BC: This was when nurses started getting interested in going back for graduate degrees. That was probably a large part of it. Also, in my mind, what accounted for such a focus, almost a laser focus, in some regard, for several years on developing the science of nursing was because quite frankly, in those days, science was what had the status. If it wasn't science you didn't get money for research. No one paid attention in so many ways if it wasn't science, if it wasn't data based. In many ways, this wasn't bad because it did help in the beginning to get the momentum going, but it excluded everything else. Who knows what other people might have done at that time that would have been of value that wasn't science. So, like most other things in life, it was a blessing but it also had its limitations in that it excluded a lot of other things that may have developed earlier than they did.


EE: We've talked about who inspired you, you sound very inspired by the humanities and liberal arts....


BC: And that's still very much a part of my life. I think it continues to inform how I live my life. I very much enjoy music. I listen to music a great deal. I have expanded my listening repertoire over the last several years, as well as my reading; I still manage to read quite a bit in a variety of areas-history, cultural and intellectual philosophy, philosophy itself, and I have encountered some biographies. I love biographies; it's actually fascinating, some of these biographies, like Einstein-I was just fascinated with that one. Some fiction, too, I have found interesting. I always used literature in my teaching because literature and prose, as well as poetry, can distill a certain kind of experience and context that most of us would never experience. And to me, that is then expanding your skills and understanding of other people's lives, you know, [being] able to interpret how you might respond and what they would find most helpful from you. I have found literature very, very helpful.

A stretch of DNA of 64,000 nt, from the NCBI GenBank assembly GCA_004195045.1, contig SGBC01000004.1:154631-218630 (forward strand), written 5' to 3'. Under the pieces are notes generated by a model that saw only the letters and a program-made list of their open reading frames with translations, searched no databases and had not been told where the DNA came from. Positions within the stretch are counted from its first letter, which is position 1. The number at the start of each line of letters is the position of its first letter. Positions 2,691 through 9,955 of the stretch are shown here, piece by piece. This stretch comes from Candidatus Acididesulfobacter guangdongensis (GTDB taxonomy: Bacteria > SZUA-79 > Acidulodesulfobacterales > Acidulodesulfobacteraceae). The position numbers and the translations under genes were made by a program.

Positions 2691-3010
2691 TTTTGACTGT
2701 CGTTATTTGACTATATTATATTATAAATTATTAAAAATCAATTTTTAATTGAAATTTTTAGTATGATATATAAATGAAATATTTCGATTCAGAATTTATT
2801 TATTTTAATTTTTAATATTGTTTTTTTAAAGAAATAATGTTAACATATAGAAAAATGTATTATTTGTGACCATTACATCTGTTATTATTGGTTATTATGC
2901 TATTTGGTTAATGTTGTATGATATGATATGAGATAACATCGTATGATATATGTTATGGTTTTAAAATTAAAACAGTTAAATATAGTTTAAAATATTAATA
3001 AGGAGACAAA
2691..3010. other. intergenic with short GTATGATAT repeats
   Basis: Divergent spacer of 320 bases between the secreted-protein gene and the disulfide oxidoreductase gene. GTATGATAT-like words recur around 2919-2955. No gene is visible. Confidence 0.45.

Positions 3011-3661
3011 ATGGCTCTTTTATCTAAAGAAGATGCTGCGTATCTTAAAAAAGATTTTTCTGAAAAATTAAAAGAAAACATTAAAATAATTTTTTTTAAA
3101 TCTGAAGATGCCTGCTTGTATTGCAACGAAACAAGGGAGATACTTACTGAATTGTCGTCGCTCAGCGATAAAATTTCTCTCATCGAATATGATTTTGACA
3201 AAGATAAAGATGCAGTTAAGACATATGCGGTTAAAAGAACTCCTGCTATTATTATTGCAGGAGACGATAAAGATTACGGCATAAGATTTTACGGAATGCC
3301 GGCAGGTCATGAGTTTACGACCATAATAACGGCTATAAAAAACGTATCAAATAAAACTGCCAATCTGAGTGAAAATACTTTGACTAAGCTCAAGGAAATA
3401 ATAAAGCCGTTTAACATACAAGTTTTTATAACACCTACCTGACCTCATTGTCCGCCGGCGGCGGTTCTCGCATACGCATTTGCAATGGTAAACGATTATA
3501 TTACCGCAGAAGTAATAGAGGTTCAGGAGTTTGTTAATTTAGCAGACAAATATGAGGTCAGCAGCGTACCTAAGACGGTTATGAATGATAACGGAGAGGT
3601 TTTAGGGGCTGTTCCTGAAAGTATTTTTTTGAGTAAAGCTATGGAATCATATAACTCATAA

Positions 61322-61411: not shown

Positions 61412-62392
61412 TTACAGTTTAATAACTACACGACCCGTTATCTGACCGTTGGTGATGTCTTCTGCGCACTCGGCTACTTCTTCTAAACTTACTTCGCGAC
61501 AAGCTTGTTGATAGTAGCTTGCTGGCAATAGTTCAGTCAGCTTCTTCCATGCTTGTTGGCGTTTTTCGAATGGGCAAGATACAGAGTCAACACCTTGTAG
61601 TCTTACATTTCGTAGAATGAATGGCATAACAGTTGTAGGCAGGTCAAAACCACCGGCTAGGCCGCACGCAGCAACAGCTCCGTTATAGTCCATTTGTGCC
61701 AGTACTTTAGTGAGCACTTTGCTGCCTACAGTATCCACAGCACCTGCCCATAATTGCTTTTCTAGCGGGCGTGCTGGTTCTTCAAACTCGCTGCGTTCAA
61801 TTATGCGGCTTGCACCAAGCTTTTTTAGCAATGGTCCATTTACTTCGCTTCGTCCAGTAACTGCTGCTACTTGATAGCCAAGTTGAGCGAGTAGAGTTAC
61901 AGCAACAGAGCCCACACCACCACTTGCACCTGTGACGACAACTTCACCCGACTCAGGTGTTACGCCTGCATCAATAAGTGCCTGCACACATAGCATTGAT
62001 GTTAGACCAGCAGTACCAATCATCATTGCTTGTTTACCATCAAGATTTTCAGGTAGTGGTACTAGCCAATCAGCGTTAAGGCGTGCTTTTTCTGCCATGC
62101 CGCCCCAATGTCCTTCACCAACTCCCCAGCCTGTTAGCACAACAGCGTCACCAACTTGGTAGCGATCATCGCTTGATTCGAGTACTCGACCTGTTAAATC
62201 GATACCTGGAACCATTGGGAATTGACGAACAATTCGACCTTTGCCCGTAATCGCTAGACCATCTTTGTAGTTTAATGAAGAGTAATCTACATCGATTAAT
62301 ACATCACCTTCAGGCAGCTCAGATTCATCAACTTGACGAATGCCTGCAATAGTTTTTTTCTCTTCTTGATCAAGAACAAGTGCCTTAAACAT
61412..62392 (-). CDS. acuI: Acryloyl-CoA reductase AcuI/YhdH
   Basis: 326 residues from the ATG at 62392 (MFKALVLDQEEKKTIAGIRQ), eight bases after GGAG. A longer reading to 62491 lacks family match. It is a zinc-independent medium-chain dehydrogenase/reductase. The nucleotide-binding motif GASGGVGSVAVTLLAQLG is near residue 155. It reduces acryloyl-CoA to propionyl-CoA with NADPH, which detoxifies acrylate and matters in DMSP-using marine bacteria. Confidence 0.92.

In fact, I had several phone calls from faculty when I went back to teach at Texas Women's University. I was teaching in the doctoral program and developed a course in ethics, and one of the required readings in there was Frankenstein!10


EE: Oh. In fact, you write about that in one of your papers, I believe3....


BC: Yes. I had several phone calls from other universities from the ethics professors. He said, "I've heard this, do you really do this?" And I said, "Yes, I do!" And it engaged students because it was interesting, these were doctoral students; almost none of them had read Frankenstein.10 And they couldn't imagine why I would require that. So, it really got their attention. It worked!


EE: I'm sure it did. I find that fascinating.


BC: That was one of the joys of teaching that I could have interaction with many more people than I would have had in other circumstances, to get them to stop and think. What does being a nurse mean to you? What do you think you need to know to be a nurse? And it's not just science and it's just not the technology. You need to know that, but if you stop at that you will never be a very good nurse.



EE: Some authors consider your patterns of knowing a theory [see, eg, reference #4].


Do you consider that a theory?


BC: Absolutely not.


EE: No? Okay. Can you talk a little bit about the difference?


BC: Well, to me it's, shall we say a cultural or intellectual philosophy of nursing, not a theory. It was never intended to be that way. It was never an expectation of mine. I was simply, at that point in my life, saying to myself-"What is nursing? What is the practice of nursing? And what is required to be a skillful practitioner?" And a lot of that in my immediate past came out that the way we were teaching nurses in those days it was the science-period-and of course some of the clinical skills. But I think that's what I was ultimately resisting. I was saying-the science, yes, it is important, but that isn't nursing, period.


EE: Do you feel like your work has been incorporated into curriculums to the fullest extent that it can be?